None of this means you should buy a new car. But I truly believe that a gently used car is, at the present moment, a bad deal. I would look at a new car or something in the 7+ range and compare those alternatives. Given that you are about to graduate and unsure of your future situation I'd personally just keep the current car and revisit in a year or two.

I agree with Bill. It took 6 months for me to find a decent deal for a 2-3 yr old nice car.

With the life changes you might be facing in a year when you graduate it seems silly to spend money on a new car that might not fit your needs in such a short timeframe. You might get a job in a place where it snows, a place with good public transit, a sales job requiring lots of driving, or a job that doesnt pay as much as you were expecting.

Not to mention your net worth is currently negative, AKA you are broke. This limits your budget substantially as signing up for interest bearing debt on a depreciating asset is a luxury you should not afford yourself.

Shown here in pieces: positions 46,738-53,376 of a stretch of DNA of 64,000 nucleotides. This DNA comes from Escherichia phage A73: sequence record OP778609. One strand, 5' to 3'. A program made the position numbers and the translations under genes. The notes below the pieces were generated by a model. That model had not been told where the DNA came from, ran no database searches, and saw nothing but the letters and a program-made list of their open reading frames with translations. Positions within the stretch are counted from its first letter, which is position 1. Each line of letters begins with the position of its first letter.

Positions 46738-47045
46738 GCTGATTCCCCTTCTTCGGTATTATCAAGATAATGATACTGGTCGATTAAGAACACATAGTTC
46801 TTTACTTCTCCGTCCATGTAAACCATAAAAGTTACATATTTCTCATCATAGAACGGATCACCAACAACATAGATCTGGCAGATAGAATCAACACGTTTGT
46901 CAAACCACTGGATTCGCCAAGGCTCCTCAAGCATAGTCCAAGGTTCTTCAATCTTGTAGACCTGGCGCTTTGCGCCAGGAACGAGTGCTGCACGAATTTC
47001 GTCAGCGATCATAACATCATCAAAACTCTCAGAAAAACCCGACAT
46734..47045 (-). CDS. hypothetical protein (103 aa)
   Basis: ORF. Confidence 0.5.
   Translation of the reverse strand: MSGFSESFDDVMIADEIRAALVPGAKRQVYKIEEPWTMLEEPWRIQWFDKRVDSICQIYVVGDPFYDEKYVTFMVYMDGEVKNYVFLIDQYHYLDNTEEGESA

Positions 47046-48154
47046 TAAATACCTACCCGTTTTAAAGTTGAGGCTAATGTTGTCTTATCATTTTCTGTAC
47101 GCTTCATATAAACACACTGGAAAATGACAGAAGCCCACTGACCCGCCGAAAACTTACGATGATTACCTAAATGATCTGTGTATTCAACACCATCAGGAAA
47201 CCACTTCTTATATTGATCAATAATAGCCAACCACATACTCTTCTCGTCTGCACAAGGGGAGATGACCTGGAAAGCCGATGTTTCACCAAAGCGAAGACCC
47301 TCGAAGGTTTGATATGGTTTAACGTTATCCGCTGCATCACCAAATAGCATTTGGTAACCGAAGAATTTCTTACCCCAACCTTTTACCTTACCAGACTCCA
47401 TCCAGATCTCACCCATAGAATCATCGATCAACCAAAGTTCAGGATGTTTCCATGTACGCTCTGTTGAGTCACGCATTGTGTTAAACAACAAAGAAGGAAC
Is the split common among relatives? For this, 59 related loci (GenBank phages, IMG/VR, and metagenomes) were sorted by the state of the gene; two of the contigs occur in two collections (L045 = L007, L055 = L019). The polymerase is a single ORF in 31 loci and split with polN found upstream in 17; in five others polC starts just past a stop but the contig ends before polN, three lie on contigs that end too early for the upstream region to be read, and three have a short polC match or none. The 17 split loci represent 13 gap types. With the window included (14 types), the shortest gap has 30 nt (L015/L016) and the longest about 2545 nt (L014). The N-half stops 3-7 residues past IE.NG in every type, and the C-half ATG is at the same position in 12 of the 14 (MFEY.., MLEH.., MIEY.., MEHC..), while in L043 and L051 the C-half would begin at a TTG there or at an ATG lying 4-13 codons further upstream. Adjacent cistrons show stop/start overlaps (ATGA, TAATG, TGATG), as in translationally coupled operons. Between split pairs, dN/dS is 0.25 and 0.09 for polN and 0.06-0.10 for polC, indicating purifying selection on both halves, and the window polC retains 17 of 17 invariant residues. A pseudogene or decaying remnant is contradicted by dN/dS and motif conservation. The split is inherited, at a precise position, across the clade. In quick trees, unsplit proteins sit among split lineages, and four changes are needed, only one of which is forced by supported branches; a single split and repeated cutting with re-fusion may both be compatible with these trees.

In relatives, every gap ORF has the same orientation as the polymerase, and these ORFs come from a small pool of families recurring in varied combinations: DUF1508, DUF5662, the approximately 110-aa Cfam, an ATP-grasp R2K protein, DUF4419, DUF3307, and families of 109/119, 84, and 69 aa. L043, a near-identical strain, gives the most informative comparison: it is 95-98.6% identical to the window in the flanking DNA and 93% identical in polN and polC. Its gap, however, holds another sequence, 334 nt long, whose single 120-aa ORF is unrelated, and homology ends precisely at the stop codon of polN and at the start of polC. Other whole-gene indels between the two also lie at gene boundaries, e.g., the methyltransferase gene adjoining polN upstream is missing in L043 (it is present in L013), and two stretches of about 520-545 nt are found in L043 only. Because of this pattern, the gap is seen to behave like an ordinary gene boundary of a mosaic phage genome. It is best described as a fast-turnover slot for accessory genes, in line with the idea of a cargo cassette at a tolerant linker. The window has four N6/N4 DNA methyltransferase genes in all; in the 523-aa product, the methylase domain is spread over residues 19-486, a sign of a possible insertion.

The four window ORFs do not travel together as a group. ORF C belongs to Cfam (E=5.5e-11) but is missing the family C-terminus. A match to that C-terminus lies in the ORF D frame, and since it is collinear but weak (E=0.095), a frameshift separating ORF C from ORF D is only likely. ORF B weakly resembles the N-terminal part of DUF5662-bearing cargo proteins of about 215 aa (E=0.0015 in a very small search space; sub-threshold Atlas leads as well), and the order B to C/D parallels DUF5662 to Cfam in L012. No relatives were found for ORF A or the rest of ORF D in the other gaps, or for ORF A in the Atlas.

Sell the car. I'll give you $1800 for it.

In all seriousness, there is some good advice above; but you raise a great question. When should one buy a car? To that, I'd add, how much is the right amount to spend? I've never seen a good analysis of the right price point, like I've seen with housing.

Our vehicles are 13 and 14 years old and we kick this idea around the dinner table regularly, but never come up with anything. I feel like we should have a strategy for buying before there is a genuine and pressing need. But honestly, I hated the dealership experience the three times we went thru it so much that I'll do my utmost to postpone that as long as possible. Even more, I hate the idea of making car payments, since my car sits in a train station all day.

So, let me know how soon you want to sell. I'll match the trade-in, and give you an extra hundred in cash, which is going to be around $1800.......

This is the logic that I would use:

Assume that a new car will last you ten years. Take the cost of that new car (cost plus interest if you'll be financing) that you expect to pay and divide it into ten years.

Is that yearly cost of the new car less than what you're spending now or is it more? Considering that you're *only* paying 2k a year in (extra?) maintenance and your new car will probably cost more than 20k, I'd say that with just considering money, your old car is still the winner.

Of course, that's just the money part of it. If the inconvenience of repairs and the lack of reliability is wearing on you, then get a new car however the math works out.

I'm sure that inflation skews the cost/years idea but it's just a rule of thumb.